A Brief History
On January 10, 49 B.C., Julius Caesar crossed the Rubicon River as he marched toward the city of Rome with his legions. Since it was forbidden to cross the Rubicon with an army, it was seen as a threat to the Republic, and by doing so, Caesar made a bold statement about his intentions to seize power.
Ever since, when we say someone has “crossed the Rubicon,” we are talking about someone who has taken a fateful and irreversible step, such as when the Japanese bombed Pearl Harbor. A point of no return if you will, what aviators call the “Bingo” point or “Bingo fuel,” meaning the exact amount of minimum fuel needed to return to base. Past that point, and the flier has “Crossed the Rubicon” and cannot make it back to base.
The Romans also gave us the Latin jacta alia est which translates into “the die is cast,” a meaning similar to crossing the Rubicon in that it describes events that have already been set in motion and cannot be stopped or undone. Unlike many other Latin phrases, usually we say this one in English. Another phrase used in English rather than Latin and attributed to Caesar is, “Caesar’s wife must be above suspicion.”
Have you ever heard about a man being “worth his salt?” This is another one of those Latin sayings that is more commonly repeated in English. Some Roman soldiers were paid in salt which was a valuable commodity those days, and a worthy person who rightly earned his pay was said to be “worth his salt.” Nowadays, this description sounds so much better than “worth his minimum wage.”
Many legal, scientific, and academic terms are largely derived from Latin and are still said in Latin. Examples include: habeas corpus; pro bono, corpus delicti; quid pro quo; pro rata; in situ; in utero; rara avis; pro tem; ad hoc; id est (ie.); exempli gratia (e.g.): and et cetera (etc.) Even the scientific classifications of plants and animals are in Latin.
The Romans also left a legacy of entire languages, with Italian, French, Portuguese, Spanish, and Romanian (well, duh!) being descended from Latin and known as “Romance Languages” because of their Roman origin. (I have not checked to see if “New Jerseyian” as an Italian dialect is considered to be a “Romance Language.”)
We also inherited the names of some of our months from the Romans as well as architectural terms such as aqueduct (aqueductus) and colosseum (Coliseum) as well as medical and biological terms such as Caesarian section and gluteus maximus. Latin influences are everywhere! What would the Catholic Church do without Latin? Speak Esperanto?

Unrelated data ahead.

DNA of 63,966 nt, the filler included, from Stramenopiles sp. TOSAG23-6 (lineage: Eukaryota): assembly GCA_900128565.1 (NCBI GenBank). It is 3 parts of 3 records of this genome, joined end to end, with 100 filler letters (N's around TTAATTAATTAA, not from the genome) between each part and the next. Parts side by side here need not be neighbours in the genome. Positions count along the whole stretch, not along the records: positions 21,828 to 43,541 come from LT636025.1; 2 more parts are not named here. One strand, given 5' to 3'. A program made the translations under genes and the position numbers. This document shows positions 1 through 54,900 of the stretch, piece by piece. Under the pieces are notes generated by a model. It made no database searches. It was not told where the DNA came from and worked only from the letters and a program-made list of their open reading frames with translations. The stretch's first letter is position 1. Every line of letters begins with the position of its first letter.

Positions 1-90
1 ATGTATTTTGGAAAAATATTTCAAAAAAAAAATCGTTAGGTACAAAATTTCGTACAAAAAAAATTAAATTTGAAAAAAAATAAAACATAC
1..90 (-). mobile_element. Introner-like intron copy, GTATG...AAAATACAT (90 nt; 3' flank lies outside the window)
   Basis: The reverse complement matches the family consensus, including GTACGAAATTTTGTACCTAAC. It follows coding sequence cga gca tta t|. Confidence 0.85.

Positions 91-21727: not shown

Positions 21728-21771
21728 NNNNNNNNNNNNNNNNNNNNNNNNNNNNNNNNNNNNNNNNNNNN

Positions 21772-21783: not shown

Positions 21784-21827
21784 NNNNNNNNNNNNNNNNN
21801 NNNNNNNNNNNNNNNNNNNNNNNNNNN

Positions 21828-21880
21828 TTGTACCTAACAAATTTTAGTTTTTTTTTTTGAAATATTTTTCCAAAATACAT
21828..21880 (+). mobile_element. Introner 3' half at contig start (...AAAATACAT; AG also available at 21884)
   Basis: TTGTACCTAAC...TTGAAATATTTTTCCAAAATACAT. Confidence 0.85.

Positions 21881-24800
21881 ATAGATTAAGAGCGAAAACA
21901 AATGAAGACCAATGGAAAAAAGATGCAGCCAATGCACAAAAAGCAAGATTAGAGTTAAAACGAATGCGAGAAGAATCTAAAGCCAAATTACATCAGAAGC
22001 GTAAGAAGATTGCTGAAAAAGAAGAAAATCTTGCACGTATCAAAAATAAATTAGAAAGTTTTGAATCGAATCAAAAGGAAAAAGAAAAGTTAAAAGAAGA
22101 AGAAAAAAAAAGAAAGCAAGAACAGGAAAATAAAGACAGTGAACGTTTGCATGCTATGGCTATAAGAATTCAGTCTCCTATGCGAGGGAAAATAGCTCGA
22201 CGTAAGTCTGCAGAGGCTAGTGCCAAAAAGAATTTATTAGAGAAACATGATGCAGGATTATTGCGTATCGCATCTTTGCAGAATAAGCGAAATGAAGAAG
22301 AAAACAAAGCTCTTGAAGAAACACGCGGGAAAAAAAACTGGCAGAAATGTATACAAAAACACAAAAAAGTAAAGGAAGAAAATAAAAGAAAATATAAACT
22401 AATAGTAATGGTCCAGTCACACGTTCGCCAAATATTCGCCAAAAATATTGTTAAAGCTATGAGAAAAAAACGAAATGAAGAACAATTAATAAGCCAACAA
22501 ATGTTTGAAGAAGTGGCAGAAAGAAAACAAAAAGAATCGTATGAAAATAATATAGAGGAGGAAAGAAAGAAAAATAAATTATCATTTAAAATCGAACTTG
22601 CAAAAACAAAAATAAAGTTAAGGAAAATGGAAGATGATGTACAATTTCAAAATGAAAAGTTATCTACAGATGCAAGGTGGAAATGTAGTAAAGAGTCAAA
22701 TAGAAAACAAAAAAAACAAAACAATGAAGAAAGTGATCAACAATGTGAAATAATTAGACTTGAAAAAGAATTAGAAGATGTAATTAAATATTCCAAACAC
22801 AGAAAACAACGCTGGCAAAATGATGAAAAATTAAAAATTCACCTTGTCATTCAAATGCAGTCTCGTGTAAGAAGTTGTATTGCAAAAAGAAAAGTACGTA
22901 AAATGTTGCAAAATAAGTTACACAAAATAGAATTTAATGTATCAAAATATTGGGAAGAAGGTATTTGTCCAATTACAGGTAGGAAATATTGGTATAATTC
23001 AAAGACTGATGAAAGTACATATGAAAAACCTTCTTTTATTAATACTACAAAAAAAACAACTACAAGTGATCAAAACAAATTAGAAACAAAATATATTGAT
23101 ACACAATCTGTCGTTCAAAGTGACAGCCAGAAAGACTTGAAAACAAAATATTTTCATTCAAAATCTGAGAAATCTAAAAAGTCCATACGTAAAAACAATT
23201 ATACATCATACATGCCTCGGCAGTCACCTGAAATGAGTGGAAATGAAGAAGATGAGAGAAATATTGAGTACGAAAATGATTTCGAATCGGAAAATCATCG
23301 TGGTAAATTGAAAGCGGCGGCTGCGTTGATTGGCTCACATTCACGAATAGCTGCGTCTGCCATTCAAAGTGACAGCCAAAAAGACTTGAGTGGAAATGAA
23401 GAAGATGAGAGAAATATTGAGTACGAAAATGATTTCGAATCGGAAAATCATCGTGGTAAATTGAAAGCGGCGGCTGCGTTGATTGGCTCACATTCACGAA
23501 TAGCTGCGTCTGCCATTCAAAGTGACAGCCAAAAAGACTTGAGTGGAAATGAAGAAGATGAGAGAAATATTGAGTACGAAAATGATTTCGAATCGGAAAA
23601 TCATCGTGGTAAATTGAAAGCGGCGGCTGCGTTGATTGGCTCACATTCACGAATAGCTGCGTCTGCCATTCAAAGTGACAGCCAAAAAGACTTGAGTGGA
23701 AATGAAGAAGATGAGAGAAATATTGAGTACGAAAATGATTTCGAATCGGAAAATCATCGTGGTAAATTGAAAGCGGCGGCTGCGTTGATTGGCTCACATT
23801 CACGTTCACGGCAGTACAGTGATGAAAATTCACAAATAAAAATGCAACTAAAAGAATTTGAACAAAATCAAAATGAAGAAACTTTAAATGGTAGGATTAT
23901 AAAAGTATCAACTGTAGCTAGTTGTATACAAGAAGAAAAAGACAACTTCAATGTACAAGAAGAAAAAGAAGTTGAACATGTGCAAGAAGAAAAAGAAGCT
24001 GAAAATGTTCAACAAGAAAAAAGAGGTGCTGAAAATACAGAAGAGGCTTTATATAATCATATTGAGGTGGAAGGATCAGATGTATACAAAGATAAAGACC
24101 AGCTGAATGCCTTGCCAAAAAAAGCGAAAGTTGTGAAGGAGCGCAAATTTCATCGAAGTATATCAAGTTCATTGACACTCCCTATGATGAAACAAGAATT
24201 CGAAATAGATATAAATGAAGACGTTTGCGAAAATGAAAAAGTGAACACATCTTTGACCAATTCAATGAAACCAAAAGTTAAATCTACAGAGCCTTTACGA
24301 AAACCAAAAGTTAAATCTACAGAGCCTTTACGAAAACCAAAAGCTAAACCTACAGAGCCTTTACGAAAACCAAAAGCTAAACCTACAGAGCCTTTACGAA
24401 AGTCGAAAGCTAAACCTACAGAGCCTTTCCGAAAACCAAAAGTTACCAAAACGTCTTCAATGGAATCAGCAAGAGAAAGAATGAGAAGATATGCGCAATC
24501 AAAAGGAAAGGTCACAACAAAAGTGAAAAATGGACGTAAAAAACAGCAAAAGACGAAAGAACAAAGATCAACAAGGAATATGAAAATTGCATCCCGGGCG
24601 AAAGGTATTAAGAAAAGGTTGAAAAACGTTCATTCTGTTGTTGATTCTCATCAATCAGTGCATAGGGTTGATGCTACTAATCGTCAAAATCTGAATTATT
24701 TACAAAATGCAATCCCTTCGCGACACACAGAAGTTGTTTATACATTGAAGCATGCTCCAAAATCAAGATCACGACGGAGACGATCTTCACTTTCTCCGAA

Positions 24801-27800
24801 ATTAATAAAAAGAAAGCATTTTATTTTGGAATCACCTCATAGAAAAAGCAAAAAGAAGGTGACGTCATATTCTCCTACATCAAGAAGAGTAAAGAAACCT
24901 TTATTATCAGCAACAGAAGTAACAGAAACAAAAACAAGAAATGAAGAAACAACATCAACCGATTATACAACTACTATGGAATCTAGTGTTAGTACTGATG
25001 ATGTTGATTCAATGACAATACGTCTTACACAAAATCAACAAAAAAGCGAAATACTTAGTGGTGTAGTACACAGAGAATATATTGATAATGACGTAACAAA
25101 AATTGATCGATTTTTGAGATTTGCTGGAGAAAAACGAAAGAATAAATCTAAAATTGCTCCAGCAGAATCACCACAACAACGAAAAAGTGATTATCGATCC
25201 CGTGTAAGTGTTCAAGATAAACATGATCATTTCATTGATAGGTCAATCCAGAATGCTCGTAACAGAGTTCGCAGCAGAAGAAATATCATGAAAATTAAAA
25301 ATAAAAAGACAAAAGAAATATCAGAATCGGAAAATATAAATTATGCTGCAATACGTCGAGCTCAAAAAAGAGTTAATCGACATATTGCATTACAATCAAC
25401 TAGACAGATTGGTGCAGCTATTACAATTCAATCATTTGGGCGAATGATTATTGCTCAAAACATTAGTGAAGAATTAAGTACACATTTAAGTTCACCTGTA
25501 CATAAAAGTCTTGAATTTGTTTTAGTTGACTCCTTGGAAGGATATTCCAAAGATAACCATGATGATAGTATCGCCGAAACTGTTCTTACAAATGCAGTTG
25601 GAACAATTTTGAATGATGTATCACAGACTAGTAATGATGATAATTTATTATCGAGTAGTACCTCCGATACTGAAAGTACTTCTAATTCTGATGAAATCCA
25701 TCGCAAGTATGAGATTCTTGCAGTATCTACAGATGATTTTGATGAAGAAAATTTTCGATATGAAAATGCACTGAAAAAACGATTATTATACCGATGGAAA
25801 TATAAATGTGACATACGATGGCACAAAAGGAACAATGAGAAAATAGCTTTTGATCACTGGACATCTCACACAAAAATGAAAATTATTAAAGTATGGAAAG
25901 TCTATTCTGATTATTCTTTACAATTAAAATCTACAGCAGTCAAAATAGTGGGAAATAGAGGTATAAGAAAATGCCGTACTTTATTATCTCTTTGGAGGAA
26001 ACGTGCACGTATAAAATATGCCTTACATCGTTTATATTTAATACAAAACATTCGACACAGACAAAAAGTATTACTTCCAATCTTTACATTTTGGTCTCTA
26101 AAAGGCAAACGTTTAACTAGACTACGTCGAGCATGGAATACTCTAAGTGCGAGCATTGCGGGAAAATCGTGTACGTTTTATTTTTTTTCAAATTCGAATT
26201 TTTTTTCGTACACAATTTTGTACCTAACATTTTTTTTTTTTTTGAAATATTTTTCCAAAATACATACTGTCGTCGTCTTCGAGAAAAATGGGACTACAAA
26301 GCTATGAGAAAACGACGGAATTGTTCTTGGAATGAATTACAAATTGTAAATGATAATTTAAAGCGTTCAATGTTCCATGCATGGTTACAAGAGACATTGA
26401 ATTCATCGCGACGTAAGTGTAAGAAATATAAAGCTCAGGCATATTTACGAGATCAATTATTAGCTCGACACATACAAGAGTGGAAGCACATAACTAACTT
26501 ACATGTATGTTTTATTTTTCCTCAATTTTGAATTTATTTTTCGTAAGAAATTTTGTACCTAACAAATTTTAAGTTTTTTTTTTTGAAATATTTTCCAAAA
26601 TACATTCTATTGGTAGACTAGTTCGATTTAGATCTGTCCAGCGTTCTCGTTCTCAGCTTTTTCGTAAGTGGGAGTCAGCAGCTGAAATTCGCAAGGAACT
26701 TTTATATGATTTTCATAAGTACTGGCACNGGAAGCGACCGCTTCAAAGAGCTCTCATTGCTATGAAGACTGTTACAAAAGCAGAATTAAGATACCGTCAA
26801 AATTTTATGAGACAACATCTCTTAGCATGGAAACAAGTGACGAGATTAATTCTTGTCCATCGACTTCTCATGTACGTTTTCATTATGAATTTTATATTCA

Of course, there are so many more examples of Latin used in English and other modern languages and societies. If you missed seeing any of your favorites in this article, mea culpa!
Question for students (and subscribers): Let us know what you think the greatest Roman linguistic contributions are in the comments section below this article. In the meantime, Pax.
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For more information, please see…
Beard, Henry. Latin for All Occasions: From Cocktail-Party Banter to Climbing the Corporate Ladder to Online Dating– Everything You’ll Ever Need to Say in Perfect Latin. Avery, 2004.
Ehrlich, Eugene. Veni, Vidi, Vici (Second Edition): Conquer Your Enemies and Impress Your Friends with Everyday Latin. Harper Perennial, 2009.
The featured image in this article, an illustration of Julius Caesar crossing the Rubicon, was originally posted to Flickr by Internet Archive Book Images at https://flickr.com/photos/126377022@N07/14596755100. It was reviewed on by FlickreviewR and was confirmed to be licensed under the terms of the No known copyright restrictions. The uploading organization may have various reasons for determining that no known copyright restrictions exist, such as:
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